Couric's Prime Time
Thursday, August 28, 2008
DENVER, Aug. 27
Moments after giving Charles Barkley a big hug on the Pepsi Center floor, Katie Couric bumps into Joe Biden's son, Beau, in the basketball locker room that is serving as CBS's cramped work space.
Couric asks Beau, the Delaware attorney general, whether she can see his dad, who is suddenly much in demand as the vice presidential nominee. "Tell him to give me a quick call. Tell him not to forget the little people!" she shouts, walking off.
Half an hour later, Couric and several aides are in an elevator when she spots a familiar-looking figure and scoots out at the wrong floor. "Is that Evan Bayh?" she asks as the Indiana senator chats on his cellphone. She tells Bayh she had predicted on television that he would become Barack Obama's running mate. "I hope I didn't damage your credibility," he says.
Couric is moving at a whirlwind pace, constantly mobbed, constantly interviewed, a higher-wattage celebrity than most of the politicians she pursues. The freewheeling nature of covering the Democratic convention plays to her strengths in a way that a tightly scripted 22-minute newscast does not. She is, suddenly, the "Today" show Katie, fun-loving and wisecracking, not the more sober figure who has drawn mixed reviews in her nearly two years behind the anchor desk.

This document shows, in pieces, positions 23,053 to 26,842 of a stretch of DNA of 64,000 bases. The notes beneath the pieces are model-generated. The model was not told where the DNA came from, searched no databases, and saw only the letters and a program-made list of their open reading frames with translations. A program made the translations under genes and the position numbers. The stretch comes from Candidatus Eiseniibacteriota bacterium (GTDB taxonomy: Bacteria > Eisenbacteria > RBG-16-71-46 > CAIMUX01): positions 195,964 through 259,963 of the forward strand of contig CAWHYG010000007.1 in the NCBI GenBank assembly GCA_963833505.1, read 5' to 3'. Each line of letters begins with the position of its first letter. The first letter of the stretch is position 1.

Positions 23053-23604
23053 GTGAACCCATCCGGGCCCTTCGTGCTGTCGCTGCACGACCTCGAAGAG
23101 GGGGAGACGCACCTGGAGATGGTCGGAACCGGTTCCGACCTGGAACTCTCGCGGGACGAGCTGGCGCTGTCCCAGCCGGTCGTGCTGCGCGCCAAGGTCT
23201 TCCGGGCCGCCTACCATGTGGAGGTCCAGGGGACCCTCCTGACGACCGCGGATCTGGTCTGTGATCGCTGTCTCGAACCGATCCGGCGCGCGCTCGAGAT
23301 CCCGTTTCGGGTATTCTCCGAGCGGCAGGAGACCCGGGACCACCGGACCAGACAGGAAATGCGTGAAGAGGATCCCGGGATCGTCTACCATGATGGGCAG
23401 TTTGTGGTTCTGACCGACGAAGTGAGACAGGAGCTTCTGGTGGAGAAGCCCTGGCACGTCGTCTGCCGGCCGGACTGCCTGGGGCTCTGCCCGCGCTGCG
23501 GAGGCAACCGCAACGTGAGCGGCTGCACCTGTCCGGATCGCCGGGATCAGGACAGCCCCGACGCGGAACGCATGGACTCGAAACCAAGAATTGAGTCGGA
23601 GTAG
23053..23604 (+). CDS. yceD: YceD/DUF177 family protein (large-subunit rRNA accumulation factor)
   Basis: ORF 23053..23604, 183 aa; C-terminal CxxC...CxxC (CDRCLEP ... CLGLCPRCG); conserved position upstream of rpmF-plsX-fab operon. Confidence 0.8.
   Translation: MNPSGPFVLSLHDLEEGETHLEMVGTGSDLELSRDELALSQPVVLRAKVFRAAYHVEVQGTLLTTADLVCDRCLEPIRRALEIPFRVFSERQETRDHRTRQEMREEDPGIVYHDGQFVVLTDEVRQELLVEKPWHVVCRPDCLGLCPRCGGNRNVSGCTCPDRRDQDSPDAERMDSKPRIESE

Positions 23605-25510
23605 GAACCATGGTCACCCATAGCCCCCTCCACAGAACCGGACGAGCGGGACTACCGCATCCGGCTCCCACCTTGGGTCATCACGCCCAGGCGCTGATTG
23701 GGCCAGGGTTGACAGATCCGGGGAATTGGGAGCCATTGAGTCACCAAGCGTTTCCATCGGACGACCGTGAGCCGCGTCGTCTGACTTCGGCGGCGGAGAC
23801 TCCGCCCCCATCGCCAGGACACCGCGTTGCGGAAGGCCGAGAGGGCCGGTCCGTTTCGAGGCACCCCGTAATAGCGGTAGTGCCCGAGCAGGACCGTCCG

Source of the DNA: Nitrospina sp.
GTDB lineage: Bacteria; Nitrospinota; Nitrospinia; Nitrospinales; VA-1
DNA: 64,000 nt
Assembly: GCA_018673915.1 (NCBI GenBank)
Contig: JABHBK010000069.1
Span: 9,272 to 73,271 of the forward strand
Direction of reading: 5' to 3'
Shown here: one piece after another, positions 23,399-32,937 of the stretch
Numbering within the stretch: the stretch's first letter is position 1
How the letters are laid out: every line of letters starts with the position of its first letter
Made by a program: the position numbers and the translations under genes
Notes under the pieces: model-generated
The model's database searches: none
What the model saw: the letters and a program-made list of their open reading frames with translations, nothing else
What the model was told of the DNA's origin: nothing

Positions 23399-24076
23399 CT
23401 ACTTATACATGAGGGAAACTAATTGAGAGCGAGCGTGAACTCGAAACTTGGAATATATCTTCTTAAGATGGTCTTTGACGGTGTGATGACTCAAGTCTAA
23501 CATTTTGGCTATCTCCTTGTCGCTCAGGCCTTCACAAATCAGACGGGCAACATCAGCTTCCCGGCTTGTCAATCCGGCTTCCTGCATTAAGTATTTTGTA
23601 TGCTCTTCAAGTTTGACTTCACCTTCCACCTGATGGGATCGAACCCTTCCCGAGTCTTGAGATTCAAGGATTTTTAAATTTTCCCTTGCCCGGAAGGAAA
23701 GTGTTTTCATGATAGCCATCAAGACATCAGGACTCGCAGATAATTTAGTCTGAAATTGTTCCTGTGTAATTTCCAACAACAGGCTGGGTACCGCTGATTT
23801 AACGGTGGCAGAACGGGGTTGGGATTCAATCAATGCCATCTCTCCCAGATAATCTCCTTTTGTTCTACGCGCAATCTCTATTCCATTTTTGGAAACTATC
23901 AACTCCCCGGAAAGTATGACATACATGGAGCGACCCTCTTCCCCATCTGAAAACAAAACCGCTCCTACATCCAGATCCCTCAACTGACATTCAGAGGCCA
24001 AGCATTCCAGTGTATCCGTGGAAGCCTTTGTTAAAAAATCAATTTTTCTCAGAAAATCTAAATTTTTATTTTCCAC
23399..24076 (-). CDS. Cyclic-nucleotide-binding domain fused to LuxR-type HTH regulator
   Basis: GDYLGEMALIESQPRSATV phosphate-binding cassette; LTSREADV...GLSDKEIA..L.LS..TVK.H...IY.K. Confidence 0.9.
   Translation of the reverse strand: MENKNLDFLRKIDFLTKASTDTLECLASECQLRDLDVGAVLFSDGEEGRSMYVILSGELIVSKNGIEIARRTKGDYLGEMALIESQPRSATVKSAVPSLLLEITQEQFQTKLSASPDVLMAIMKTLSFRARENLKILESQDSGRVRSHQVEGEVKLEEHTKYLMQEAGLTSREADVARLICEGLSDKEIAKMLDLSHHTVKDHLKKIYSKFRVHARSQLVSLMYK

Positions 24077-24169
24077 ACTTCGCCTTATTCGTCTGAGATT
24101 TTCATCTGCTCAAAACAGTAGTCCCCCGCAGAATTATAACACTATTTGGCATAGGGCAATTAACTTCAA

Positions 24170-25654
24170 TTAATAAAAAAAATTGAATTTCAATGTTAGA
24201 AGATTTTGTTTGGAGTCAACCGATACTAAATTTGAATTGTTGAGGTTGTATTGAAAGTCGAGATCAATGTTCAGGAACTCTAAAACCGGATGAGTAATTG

"I feel weirdly more comfortable and relaxed when I'm out of the studio, which is a sanitized environment," she says. "You pick up on the energy of your surroundings. . . . It's much more like my old job. I can really loosen up."
Asked if she has anything to prove while anchoring her first convention, Couric invokes her rivals, saying tersely: "No. Does Brian Williams? Does Charlie Gibson?"
But this could also be Couric's last convention, if CBS executives follow through on their earlier inclination to replace her after the election in light of her disappointing third-place ratings. CBS's convention ratings, too, have lagged behind those of not just NBC and ABC but CNN. No final decision has been made, and Couric, while acknowledging continued frustrations, dismisses the reports that blossomed last spring as "a crazy media spin cycle that was sort of surreal to watch."
CBS News President Sean McManus says "that story got old" and that critics now focus on Couric's job performance rather than her social life and wardrobe. The conventions, he says, are "the perfect vehicle for her to spread her wings a little bit."
The flight path can be unpredictable. At the security line Tuesday morning, Couric spots Michael Dukakis, the Democratic Party's nominee 20 years ago, and grabs him for an impromptu interview. Dukakis says he blames himself for George W. Bush's presidency because he blew the race against Bush's father.
Couric later tapes a series of promo spots from a small platform on the floor, about the size of a walk-in closet, wedged between the Virginia and Michigan delegations. CBS is broadcasting from the crowded spot, far below the skyboxes being used by ABC and NBC.
No sooner does Couric finish than she is led upstairs to a CBS booth for a series of interviews with radio affiliates. "It was hard not to get choked up," she tells one of the appearance Monday night by the ailing Ted Kennedy. "The cute quotient was pretty much off the charts," she tells another about Obama's daughters coming onstage. One interviewer turns off his recorder and blurts: "I'm a huge fan."